The 23rd annual "Conference of Parties" (or COP23, in UN-speak) closed Friday with two key messages:

  1. The 195 countries signing the Paris Agreement (yes, that includes the United States, albeit quietly) remain committed to a collective framework on international climate action, and
  2. The international community still has yet to send a strong signal that it is committed to transitioning away from fossil fuels.
True, an alliance of 19 countries, headed by the UK and Canada, committed on Thursday to phase out coal production. (The Guardian, calling the move "a political watershed" in its headline, noted that electricity produced by coal in the UK has fallen from 40 percent to 2 percent since 2012).

But little progress was made defining specific emissions-cutting guidelines. Activists call for a "robust set of rules," but that rulebook remains woefully thin. (A U.S. talk about the necessity of fossil fuels sparked one of the conference's biggest protests. Our quick read: "Song, dance and protests at US energy talk." Ecowatch has a first-person account.)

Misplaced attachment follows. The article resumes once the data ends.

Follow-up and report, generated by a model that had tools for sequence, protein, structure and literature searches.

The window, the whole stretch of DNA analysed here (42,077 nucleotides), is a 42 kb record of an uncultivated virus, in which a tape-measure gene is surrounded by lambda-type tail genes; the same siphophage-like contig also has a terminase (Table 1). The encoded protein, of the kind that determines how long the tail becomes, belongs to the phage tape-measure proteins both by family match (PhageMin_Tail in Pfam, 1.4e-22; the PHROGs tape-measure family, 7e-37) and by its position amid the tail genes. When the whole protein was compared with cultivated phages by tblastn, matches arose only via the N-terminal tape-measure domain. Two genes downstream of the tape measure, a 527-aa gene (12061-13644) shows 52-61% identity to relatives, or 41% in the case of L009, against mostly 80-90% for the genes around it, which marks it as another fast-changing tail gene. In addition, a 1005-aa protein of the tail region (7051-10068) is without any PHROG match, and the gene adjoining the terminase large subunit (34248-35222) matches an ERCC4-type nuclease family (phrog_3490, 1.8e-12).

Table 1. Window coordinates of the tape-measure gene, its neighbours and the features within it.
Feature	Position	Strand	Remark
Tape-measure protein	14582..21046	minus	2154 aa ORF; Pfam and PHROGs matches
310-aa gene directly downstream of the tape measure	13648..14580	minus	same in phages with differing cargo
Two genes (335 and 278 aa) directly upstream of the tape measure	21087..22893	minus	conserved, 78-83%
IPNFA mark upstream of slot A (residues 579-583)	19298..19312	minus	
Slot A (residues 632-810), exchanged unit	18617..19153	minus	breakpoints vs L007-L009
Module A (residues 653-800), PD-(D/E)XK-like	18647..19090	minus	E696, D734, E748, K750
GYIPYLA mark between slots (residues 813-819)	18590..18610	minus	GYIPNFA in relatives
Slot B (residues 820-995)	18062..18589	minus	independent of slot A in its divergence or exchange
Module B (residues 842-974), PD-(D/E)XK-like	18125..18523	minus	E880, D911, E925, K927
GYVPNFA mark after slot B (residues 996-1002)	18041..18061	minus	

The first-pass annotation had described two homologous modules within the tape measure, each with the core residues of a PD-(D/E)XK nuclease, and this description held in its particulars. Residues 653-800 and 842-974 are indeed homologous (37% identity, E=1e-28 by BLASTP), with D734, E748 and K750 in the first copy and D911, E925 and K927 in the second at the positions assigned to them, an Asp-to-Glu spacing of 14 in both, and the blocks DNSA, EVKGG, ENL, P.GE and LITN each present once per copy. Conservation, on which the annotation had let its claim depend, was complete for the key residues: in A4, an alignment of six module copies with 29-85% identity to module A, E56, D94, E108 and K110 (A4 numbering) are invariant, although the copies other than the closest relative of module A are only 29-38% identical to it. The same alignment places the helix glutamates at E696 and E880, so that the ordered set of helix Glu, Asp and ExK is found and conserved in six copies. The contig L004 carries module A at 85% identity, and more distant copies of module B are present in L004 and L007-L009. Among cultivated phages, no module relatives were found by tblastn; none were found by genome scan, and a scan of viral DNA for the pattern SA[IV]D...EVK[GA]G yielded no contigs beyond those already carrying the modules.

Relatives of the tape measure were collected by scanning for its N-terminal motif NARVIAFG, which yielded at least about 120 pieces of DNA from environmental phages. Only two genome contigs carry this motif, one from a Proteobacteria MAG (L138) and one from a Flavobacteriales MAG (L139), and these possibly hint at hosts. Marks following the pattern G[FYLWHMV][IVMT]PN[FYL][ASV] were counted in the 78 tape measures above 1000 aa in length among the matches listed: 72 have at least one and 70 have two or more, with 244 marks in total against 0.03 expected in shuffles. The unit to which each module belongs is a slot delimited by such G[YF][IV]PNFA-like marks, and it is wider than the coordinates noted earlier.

The Center for International Environmental Law saw "two rays of light" as the latest round of talks closed: Governments agreed to integrate gender equality into climate action, and they committed to giving indigenous peoples equal footing in UN climate responses.

It is further sign that the climate talks are also becoming the way the global community addresses environmental and social justice.

"The decisions related to gender and indigenous peoples are welcome developments," said Sébastien Duyck, a senior attorney for CIEL. The climate talks, he said, are "where theory becomes practice, with real consequences for communities around the globe.

Plenty of end-of-session wrap-ups on the web, from the Associated Press, France24, Climate Home News, The New York Times and The Guardian (in pictures).

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